May

4

I don't know if anyone happened across this piece earlier in the day: "China's urgency to stockpile oil tells us 2 things"". Looking at it, I was struck by two things: If China were anticipating a geopolitical disruption to the oil markets, the easiest means by which it would anticipate such is if it were planning military action somewhere. The most obvious place to me would be some sort of play in the South China Sea. On the other hand, if there isn't some military standoff pushing up the price of oil, oil demand to sustain the current price is going to disappear once China's finished with its inventory build. It will be interesting to see what China does with the inventory build in the fall as the election here approaches.

Larry Williams writes:

Adding fuel to this fire…

The governor of the Virgin Islands is on his way to China to work with Sinopec to see about the possibility of reopening the refinery here in St. Croix which, at one time, was the third largest refinery in this hemisphere.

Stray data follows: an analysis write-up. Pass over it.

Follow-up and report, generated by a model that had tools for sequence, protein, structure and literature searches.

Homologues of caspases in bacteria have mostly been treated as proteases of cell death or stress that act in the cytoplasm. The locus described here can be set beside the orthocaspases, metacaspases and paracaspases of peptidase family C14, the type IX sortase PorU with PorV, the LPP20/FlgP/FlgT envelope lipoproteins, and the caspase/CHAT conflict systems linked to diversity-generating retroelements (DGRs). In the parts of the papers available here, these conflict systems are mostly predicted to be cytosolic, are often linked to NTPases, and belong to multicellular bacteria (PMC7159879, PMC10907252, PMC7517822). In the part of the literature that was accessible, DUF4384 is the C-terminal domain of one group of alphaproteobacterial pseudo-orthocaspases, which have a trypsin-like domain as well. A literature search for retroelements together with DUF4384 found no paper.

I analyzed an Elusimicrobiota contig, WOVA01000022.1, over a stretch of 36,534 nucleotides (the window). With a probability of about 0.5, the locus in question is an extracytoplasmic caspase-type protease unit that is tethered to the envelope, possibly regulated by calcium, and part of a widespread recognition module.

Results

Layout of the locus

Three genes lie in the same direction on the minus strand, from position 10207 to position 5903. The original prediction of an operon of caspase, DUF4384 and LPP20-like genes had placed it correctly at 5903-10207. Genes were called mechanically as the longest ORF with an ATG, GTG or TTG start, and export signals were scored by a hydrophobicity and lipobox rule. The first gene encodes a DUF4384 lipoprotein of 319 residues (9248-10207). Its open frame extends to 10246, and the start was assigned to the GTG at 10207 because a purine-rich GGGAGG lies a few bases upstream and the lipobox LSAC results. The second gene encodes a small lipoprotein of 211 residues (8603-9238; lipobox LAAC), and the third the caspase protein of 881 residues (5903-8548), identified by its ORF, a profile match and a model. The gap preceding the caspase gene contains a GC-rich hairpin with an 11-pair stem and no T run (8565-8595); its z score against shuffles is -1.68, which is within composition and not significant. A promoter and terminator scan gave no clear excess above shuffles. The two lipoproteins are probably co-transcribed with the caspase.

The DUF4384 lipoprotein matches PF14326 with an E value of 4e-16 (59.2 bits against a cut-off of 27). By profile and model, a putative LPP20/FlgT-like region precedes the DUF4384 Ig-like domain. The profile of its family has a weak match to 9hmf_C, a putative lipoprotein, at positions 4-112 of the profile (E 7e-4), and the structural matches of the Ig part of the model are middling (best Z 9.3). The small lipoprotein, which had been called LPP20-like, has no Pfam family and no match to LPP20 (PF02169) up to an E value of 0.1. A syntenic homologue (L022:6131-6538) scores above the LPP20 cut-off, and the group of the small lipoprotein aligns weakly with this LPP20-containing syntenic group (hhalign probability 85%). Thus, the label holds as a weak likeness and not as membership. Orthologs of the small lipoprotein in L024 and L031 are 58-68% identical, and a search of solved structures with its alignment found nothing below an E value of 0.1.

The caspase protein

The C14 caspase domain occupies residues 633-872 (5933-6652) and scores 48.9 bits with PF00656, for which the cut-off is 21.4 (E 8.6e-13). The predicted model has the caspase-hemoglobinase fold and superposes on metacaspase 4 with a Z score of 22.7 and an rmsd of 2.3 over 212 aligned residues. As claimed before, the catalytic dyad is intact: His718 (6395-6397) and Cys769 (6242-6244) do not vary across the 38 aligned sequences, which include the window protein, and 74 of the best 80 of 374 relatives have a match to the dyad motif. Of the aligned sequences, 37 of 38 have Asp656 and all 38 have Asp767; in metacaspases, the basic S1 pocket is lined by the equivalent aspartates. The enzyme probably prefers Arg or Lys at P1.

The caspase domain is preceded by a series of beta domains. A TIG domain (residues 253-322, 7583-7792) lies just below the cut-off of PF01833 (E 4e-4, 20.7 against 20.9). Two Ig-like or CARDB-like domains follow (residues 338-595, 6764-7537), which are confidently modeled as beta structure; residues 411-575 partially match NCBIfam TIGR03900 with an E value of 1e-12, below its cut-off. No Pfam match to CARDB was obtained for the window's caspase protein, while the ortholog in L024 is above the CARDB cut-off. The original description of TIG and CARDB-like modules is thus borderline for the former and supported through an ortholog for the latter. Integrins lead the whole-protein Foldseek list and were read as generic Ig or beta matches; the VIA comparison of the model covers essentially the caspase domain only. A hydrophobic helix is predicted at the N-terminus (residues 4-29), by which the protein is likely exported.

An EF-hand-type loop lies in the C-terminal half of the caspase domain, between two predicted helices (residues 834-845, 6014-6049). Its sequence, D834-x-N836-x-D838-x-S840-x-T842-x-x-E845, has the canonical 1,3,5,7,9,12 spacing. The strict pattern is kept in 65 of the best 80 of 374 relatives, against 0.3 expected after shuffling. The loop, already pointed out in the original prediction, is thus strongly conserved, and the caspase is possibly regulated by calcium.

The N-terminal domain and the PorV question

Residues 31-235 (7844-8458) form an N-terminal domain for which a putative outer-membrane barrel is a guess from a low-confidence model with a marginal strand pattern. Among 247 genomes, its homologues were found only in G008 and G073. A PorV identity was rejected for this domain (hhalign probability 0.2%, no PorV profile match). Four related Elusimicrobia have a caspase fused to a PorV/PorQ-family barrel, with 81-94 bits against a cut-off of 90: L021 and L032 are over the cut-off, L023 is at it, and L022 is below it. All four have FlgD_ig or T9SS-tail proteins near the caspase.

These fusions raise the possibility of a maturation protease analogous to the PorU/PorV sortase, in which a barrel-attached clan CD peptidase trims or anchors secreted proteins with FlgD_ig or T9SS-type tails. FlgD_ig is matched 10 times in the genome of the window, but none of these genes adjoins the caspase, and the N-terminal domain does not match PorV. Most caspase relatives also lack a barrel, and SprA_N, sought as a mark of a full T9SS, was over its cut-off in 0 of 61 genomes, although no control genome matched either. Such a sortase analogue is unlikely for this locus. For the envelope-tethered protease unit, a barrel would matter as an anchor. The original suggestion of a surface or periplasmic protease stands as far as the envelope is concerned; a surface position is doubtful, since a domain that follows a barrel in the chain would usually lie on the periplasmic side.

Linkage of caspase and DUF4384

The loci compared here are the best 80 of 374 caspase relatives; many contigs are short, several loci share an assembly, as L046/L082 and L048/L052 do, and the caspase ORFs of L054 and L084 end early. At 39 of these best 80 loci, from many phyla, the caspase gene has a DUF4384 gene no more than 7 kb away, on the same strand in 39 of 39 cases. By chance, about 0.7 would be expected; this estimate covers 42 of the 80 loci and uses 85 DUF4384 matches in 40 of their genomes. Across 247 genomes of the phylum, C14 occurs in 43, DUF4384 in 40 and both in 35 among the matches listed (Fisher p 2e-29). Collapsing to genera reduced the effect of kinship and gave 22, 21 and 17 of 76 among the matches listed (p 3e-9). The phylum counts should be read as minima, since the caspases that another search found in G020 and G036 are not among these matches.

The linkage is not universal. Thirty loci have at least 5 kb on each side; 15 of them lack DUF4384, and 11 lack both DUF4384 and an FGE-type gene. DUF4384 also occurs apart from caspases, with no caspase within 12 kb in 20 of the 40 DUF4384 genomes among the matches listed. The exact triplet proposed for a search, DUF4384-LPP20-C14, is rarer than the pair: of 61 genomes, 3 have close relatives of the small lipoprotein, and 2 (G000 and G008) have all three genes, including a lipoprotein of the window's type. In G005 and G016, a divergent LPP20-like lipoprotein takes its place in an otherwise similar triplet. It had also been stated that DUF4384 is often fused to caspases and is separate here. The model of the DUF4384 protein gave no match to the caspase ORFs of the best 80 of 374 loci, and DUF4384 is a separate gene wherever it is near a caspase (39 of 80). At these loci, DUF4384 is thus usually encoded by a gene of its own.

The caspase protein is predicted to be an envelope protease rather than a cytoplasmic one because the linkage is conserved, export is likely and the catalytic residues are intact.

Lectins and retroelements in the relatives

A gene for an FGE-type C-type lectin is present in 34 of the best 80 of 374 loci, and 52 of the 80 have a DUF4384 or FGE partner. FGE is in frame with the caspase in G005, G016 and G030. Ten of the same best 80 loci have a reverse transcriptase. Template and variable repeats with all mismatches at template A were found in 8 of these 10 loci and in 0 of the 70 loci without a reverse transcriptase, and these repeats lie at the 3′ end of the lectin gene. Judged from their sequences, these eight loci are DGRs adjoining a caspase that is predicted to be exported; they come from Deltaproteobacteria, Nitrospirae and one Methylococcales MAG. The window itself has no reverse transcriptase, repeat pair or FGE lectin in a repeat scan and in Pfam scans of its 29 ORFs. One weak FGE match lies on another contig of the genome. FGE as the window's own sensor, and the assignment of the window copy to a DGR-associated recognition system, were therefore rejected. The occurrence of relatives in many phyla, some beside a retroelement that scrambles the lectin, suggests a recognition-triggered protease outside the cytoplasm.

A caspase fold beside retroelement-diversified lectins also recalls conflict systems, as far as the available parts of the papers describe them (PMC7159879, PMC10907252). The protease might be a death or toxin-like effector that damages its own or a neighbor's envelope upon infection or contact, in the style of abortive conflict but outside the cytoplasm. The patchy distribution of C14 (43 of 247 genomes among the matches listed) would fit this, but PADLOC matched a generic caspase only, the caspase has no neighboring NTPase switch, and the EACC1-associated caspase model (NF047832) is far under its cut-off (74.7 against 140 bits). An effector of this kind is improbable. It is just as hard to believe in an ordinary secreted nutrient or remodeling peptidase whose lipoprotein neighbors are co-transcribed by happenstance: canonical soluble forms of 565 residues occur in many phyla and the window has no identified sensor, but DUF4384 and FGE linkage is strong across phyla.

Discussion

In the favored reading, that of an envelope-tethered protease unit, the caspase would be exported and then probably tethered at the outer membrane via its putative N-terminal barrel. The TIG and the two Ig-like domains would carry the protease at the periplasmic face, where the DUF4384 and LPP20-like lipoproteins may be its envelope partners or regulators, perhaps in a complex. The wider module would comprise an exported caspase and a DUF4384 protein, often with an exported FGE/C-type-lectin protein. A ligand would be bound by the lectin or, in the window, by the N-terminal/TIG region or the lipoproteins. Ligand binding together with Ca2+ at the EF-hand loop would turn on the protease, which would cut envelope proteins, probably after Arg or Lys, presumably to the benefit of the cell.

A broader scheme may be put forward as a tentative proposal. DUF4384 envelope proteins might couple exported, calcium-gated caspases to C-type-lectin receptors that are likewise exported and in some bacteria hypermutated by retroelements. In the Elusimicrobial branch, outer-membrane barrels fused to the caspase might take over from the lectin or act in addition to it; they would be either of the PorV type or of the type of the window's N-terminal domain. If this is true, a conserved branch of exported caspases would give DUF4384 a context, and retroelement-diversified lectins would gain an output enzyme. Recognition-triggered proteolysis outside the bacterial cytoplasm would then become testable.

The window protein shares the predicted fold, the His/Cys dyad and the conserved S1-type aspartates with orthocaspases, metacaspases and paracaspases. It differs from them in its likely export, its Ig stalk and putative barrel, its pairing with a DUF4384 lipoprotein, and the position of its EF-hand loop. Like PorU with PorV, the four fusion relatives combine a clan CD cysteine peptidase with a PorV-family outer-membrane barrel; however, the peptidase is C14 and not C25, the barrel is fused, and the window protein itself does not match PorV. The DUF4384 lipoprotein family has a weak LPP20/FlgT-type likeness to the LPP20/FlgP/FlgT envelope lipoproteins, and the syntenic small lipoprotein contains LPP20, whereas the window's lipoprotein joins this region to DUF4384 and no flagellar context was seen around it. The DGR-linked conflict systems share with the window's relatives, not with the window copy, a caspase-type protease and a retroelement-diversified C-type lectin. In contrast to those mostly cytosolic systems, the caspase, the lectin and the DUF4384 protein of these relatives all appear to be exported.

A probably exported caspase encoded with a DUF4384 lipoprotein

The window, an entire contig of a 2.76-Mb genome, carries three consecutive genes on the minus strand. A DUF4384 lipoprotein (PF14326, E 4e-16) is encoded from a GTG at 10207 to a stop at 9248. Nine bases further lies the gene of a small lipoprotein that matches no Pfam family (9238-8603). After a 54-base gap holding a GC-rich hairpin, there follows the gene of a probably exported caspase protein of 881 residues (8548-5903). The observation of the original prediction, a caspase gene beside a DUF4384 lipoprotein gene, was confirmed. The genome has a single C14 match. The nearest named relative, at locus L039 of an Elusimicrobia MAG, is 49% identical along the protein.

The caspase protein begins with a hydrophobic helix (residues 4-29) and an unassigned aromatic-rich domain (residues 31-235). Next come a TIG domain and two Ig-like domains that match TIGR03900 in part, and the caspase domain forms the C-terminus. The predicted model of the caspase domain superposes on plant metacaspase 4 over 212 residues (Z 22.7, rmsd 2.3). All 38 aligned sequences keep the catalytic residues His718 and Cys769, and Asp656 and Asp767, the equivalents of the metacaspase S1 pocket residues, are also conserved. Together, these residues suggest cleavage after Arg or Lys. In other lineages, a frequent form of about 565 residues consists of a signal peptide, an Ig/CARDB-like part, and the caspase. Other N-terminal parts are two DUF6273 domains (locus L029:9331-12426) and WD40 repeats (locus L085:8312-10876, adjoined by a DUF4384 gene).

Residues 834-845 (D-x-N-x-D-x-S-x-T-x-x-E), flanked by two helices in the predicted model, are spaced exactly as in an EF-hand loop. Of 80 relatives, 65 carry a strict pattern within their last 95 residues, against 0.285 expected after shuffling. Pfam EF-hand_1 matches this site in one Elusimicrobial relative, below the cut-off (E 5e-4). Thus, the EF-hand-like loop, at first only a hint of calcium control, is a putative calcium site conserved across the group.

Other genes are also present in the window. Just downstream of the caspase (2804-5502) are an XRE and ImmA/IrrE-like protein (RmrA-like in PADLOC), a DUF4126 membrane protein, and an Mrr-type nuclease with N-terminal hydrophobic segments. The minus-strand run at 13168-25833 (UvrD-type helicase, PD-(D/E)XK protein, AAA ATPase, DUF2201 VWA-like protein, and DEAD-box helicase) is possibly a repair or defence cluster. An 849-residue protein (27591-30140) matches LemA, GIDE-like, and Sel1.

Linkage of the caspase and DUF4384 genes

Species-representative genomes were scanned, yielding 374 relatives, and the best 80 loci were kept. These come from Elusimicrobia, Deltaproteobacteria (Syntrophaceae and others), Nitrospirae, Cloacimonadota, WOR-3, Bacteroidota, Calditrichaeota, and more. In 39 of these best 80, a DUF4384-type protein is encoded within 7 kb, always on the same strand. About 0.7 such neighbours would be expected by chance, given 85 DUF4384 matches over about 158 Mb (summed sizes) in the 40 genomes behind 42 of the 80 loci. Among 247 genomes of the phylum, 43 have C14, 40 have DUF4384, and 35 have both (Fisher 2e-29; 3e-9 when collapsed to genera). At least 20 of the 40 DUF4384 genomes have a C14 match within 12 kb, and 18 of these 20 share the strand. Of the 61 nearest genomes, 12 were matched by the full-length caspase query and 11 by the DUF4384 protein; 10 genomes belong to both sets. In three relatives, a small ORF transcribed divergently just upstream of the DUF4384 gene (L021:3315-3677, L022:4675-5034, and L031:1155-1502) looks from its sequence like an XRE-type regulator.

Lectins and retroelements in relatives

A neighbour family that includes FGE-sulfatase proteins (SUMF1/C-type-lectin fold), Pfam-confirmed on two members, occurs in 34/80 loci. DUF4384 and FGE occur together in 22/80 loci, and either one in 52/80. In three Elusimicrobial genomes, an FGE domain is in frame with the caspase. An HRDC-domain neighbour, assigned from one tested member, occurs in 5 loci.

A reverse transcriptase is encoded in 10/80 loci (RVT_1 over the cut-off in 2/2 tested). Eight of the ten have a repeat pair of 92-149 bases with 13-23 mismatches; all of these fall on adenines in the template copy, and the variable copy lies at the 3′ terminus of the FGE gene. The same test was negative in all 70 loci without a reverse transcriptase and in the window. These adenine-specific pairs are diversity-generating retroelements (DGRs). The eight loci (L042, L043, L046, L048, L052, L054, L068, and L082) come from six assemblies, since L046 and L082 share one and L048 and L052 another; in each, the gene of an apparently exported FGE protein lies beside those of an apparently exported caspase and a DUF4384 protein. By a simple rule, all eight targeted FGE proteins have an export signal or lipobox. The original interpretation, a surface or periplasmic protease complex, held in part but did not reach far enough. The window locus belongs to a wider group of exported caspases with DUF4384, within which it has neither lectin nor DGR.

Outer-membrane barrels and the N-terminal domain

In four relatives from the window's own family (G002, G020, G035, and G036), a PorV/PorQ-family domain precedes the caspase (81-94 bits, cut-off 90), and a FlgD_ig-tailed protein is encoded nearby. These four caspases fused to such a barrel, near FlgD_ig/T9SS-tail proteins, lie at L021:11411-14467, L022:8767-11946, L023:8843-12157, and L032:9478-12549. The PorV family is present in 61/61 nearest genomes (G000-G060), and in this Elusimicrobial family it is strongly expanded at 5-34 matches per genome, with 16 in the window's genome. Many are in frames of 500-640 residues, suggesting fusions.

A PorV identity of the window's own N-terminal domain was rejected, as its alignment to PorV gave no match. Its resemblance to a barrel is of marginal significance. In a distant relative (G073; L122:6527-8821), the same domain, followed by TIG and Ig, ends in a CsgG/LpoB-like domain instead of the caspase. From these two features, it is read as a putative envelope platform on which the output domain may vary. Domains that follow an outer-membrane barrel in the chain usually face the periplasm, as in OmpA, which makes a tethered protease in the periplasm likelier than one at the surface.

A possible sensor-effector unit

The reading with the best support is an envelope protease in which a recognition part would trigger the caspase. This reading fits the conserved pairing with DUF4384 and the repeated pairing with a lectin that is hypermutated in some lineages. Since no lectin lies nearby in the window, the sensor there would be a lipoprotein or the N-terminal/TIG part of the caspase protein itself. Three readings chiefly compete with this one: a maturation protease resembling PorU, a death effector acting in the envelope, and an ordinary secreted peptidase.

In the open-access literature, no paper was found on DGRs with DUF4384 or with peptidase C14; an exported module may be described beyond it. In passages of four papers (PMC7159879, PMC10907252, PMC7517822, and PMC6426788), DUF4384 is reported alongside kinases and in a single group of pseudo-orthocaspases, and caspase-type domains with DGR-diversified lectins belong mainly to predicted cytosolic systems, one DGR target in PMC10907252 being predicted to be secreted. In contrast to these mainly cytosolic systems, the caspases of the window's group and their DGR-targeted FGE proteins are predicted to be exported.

It's very upsetting to me that the United States does not see the future… is not, from what I can tell, interested in stockpiling energy resources.

China thinks so far ahead of us. I am leaving this morning for a month in China and will post comments about what I see there along the way. It is always frustrating for me to be there, to see the growth, the new buildings, the expansion of everything while nothing seems to be taking place in America.

If there was ever a monument to what deficit financing can do it certainly has been the expansion and growth of China from a nothing economy to probably soon the world's largest


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